Drywood Termites

Drywood termites (family Kalotermitidae) are a type of termite that differs from subterranean termites in their nesting and feeding habits. Identifying drywood termites can be challenging because they often infest wood in concealed locations, but there are certain characteristics and signs to look for:

  • Size:
    • Drywood termites vary in size, with workers typically measuring about 1/4 inch (6.35 millimeters) in length.
    • Soldiers are similar in size but have larger, darker heads with strong mandibles.
    • Reproductive alates (swarmers) are larger, often around 3/8 to 1/2 inch (9-13 millimeters) in length.
  • Coloration:
    • Drywood termite workers and soldiers are creamy white to light brown in color.
    • Swarmers have dark brown to black bodies with translucent wings.
  • Antennae:
    • Both workers and soldiers have straight antennae, unlike the bead-like antennae of subterranean termites.
  • Wings:
    • The reproductive alates (swarmers) have two pairs of wings of equal length, and these wings are typically shed after swarming.
  • Behavior:
    • Drywood termites are social insects that live in colonies within the wood they infest.
    • Unlike subterranean termites, they do not require contact with soil and do not build mud tubes.
  • Habitat:
    • Drywood termites infest dry, seasoned wood, such as structural wood in buildings, furniture, and dead tree limbs.
    • They establish their colonies entirely within the wood, often hidden from view.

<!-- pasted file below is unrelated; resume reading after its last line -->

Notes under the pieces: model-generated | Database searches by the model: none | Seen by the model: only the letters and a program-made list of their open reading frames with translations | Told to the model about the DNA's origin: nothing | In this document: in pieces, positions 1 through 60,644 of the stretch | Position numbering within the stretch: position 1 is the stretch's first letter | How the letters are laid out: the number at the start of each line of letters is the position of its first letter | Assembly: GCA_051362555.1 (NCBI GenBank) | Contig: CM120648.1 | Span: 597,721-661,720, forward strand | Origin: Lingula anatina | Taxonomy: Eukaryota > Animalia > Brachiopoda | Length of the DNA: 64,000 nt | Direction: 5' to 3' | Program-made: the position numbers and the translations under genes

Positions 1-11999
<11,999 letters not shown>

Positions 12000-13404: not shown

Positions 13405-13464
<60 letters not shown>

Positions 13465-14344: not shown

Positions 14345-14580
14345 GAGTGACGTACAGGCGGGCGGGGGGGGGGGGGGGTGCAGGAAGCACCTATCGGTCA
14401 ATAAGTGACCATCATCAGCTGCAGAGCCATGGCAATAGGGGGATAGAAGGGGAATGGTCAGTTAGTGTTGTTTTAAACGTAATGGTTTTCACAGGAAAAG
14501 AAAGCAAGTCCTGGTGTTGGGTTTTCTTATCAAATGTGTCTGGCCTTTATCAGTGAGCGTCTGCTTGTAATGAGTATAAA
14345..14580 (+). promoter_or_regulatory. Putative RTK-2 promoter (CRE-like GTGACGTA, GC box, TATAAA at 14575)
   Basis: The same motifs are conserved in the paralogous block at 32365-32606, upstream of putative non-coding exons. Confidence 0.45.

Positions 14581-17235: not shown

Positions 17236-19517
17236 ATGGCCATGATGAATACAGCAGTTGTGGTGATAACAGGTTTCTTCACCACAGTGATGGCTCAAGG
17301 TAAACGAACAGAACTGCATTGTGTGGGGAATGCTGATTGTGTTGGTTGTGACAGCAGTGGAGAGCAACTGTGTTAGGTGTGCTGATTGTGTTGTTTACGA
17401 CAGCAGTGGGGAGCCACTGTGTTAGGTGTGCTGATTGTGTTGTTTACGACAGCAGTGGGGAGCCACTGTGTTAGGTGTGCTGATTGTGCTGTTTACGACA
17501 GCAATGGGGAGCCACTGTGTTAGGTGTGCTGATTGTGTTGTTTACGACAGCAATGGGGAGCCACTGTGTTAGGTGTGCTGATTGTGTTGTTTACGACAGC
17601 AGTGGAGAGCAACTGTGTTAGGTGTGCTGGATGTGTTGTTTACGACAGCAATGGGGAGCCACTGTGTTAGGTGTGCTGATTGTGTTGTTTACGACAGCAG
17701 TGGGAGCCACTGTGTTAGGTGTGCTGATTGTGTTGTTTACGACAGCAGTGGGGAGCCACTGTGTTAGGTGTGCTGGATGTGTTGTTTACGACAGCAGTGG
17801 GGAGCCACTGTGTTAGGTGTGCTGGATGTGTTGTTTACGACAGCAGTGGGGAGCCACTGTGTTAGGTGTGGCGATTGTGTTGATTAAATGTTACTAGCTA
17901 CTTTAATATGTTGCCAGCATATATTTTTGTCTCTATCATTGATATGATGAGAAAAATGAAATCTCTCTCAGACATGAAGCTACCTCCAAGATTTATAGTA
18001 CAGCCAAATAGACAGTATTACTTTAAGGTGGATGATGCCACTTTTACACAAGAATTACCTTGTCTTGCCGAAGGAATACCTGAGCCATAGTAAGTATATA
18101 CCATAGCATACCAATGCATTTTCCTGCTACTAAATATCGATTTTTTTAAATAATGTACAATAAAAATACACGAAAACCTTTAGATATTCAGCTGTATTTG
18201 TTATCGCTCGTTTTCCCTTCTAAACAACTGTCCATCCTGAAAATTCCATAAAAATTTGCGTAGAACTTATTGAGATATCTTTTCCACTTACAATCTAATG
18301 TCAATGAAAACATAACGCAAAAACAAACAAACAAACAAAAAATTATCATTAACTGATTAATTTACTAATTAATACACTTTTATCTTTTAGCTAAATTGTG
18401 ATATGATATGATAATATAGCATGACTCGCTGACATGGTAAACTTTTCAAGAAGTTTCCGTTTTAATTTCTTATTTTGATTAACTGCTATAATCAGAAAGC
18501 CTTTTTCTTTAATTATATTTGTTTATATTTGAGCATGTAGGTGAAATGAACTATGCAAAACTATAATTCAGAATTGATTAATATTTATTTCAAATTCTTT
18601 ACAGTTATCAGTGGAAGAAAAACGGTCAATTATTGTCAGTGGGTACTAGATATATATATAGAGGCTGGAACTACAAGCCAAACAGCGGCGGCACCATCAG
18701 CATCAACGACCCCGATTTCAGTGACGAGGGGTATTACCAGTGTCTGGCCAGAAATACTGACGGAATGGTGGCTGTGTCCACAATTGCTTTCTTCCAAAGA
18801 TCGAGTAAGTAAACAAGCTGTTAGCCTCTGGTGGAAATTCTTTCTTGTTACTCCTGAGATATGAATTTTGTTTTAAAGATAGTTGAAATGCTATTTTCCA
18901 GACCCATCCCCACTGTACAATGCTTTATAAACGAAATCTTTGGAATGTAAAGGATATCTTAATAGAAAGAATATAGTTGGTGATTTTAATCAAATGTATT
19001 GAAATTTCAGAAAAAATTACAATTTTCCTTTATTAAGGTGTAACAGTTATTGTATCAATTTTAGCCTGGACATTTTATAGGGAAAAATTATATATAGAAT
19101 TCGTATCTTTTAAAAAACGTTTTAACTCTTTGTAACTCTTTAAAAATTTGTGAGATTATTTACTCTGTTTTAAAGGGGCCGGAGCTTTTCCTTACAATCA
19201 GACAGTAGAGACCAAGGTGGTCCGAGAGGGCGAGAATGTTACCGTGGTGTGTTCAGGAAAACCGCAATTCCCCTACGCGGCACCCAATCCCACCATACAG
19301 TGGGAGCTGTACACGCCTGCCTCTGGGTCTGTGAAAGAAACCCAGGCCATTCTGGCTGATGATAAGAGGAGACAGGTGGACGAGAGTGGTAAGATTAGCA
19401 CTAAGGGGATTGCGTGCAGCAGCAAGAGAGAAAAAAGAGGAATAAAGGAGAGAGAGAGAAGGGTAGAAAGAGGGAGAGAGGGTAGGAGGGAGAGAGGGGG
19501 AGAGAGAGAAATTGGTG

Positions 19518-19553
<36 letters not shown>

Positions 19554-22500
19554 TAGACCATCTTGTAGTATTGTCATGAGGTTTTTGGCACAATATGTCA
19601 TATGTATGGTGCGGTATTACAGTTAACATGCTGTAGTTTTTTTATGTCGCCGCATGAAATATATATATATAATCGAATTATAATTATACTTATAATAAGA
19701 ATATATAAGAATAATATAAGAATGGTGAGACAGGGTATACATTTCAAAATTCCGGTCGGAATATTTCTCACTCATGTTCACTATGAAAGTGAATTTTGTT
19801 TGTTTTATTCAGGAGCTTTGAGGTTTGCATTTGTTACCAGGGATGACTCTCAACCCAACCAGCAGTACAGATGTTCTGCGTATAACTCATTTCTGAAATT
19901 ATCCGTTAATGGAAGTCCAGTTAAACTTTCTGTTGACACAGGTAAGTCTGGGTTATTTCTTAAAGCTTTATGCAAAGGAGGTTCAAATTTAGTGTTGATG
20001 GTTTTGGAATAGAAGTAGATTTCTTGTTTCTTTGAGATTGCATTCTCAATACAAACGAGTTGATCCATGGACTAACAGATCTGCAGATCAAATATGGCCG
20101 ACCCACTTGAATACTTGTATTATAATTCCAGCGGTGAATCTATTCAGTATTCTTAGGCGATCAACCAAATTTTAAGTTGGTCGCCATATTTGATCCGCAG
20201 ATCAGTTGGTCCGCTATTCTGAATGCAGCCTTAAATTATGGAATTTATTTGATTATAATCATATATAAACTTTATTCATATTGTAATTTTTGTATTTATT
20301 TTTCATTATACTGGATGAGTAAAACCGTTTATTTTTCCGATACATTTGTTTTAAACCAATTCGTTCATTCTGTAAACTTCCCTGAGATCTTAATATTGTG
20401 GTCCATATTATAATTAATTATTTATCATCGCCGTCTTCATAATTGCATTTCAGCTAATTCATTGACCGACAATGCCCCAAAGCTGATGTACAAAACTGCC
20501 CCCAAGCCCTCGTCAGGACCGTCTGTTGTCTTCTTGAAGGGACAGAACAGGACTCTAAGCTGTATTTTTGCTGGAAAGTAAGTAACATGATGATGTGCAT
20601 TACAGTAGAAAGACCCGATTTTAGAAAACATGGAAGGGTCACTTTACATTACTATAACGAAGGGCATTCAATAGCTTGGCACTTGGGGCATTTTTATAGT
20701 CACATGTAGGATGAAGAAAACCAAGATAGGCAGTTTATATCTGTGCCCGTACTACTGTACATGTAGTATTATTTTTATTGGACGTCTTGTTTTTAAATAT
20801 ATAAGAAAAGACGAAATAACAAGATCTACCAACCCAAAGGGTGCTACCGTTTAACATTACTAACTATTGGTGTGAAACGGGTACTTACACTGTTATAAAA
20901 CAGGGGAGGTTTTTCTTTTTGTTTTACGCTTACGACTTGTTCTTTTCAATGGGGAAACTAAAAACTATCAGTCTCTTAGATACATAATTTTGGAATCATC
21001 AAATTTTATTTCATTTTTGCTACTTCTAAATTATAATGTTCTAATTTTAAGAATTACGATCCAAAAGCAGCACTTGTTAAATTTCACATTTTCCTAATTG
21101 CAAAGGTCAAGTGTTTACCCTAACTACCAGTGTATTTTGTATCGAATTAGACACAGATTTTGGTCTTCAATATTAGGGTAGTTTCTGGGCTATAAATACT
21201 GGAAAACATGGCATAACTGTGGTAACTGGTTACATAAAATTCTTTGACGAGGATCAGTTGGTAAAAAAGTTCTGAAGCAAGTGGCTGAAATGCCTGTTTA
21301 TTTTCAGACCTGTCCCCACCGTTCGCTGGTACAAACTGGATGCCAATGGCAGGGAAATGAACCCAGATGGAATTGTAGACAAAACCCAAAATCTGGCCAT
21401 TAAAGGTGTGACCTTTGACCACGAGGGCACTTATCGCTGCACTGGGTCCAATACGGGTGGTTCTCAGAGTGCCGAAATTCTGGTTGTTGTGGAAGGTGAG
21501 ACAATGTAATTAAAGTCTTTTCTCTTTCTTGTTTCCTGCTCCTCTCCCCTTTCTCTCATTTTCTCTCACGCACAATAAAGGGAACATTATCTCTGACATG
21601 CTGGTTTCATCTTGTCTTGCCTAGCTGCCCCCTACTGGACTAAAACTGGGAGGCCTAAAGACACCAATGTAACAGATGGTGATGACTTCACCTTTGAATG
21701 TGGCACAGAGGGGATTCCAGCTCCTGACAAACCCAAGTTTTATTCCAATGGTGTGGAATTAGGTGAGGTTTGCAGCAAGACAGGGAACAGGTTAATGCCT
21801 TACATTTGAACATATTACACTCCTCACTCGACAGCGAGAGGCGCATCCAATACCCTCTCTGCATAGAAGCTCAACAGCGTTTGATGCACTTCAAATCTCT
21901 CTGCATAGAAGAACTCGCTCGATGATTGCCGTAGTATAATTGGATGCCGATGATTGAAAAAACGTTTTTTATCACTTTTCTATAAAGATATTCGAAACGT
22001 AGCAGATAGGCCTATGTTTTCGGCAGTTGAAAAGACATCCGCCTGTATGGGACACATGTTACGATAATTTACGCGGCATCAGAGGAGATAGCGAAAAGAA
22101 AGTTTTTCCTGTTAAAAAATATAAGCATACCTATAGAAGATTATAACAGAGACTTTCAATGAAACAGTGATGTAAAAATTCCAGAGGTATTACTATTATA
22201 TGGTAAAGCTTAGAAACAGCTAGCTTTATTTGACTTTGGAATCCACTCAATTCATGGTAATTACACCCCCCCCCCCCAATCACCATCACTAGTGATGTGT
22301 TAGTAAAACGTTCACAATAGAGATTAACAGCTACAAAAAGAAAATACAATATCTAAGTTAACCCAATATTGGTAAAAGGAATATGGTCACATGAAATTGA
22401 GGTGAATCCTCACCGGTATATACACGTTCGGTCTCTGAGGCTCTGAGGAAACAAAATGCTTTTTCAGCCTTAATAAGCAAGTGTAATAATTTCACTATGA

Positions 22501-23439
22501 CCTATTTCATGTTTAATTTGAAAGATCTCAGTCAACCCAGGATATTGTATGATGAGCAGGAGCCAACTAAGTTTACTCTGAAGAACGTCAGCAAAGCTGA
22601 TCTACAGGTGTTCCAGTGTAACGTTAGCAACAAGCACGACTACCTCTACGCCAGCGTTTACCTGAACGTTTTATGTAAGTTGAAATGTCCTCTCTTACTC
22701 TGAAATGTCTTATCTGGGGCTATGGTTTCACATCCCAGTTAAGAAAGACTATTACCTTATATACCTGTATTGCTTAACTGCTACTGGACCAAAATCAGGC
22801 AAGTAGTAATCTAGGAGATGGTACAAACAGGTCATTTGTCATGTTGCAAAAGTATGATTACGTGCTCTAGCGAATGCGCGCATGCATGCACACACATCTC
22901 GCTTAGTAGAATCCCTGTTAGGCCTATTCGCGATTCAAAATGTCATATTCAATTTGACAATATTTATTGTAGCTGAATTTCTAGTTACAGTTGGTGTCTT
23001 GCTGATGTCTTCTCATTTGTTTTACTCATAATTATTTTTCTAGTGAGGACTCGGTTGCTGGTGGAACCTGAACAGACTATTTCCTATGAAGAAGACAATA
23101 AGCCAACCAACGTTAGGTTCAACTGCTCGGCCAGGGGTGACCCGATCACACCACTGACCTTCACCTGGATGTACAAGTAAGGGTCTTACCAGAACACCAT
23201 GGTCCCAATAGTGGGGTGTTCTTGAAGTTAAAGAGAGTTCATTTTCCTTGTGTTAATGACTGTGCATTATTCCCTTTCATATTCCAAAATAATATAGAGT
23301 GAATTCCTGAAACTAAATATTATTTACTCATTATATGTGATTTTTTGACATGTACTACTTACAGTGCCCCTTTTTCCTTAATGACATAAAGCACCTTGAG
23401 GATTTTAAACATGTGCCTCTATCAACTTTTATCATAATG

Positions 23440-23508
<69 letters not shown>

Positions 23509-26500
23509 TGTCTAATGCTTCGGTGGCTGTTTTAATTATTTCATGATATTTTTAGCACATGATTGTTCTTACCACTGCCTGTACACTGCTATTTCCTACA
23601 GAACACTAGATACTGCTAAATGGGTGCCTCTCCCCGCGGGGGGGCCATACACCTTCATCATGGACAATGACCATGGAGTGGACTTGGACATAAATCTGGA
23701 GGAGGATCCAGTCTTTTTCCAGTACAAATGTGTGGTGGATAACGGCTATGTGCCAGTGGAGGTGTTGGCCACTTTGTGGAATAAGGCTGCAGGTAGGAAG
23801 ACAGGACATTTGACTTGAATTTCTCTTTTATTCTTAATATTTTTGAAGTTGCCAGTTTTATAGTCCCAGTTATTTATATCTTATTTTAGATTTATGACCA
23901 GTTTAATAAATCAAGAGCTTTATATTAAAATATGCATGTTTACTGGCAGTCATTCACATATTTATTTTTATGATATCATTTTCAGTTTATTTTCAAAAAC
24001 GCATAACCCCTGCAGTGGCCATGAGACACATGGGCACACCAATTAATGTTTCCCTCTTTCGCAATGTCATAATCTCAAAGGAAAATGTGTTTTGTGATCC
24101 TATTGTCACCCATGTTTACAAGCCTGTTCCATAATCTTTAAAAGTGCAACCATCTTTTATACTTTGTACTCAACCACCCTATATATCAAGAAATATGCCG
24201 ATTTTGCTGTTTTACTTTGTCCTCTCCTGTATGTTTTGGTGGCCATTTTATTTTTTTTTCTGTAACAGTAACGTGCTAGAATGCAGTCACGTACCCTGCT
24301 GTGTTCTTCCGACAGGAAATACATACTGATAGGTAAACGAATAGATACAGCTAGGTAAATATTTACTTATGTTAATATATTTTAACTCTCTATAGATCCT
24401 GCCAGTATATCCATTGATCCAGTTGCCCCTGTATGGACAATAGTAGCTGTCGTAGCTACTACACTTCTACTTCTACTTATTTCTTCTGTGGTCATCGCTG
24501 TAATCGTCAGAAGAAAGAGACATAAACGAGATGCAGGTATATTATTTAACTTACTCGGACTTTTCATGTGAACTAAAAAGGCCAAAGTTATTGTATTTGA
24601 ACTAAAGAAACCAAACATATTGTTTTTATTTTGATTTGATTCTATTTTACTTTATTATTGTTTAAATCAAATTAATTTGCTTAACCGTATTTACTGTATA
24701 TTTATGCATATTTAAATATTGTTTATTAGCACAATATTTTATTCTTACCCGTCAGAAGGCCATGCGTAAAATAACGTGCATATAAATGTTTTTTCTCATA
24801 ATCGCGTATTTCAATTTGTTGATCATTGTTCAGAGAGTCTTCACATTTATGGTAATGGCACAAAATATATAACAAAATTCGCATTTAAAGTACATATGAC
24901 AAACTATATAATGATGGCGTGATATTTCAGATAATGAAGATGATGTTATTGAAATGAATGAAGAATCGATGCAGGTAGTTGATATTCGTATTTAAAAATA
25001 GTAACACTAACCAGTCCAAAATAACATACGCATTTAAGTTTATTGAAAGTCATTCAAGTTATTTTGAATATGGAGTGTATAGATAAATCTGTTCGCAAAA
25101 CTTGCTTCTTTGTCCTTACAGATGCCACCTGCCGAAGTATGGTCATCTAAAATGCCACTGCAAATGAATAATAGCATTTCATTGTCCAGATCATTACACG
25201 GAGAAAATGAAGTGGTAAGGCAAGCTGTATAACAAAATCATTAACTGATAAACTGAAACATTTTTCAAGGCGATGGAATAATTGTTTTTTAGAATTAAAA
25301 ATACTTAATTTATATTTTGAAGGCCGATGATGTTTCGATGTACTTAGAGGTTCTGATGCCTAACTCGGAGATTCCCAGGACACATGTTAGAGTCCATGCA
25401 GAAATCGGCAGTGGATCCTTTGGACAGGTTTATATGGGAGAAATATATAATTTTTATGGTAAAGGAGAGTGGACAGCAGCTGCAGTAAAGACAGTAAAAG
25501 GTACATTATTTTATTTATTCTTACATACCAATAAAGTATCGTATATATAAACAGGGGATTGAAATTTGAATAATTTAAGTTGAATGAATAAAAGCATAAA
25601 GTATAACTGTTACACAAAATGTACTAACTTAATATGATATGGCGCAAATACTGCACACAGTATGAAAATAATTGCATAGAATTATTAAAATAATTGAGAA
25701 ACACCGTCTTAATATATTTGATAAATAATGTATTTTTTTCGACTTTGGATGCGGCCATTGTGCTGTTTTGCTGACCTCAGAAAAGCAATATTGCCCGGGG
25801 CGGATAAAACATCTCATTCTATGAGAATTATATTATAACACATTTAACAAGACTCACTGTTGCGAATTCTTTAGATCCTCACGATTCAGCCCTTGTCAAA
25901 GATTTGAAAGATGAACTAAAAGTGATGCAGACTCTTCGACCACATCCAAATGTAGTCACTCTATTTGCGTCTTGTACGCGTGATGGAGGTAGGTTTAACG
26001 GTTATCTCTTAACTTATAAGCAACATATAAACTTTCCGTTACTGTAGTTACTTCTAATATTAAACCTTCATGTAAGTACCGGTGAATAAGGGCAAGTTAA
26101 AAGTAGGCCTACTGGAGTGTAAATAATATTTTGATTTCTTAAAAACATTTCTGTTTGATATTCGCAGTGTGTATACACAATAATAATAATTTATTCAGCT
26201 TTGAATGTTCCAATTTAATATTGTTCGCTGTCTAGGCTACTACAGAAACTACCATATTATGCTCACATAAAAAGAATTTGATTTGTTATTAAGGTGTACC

• Damage:
    • Drywood termites feed on cellulose, damaging wooden structures and items.
    • They create galleries and tunnels within the wood, which can weaken its structural integrity.
    • Infested wood may have small kick-out holes where termites push out fecal pellets, which are often a sign of their presence.
  • Swarming:
    • Like subterranean termites, drywood termites reproduce through swarming. Reproductive alates (swarmers) emerge from colonies during swarming season to mate and start new colonies.
  • Pellets:
    • Drywood termites produce distinctive fecal pellets that are elongated and have a six-sided shape. These pellets can accumulate in infested wood and are often a telltale sign of drywood termite activity.

Identifying drywood termites may require a professional inspection, especially since they often infest concealed areas within structures. If you suspect you have drywood termites in your home or property, it is essential to contact a licensed pest control professional for a thorough inspection, proper identification, and targeted treatment, which may involve localized treatments or fumigation depending on the extent of the infestation.

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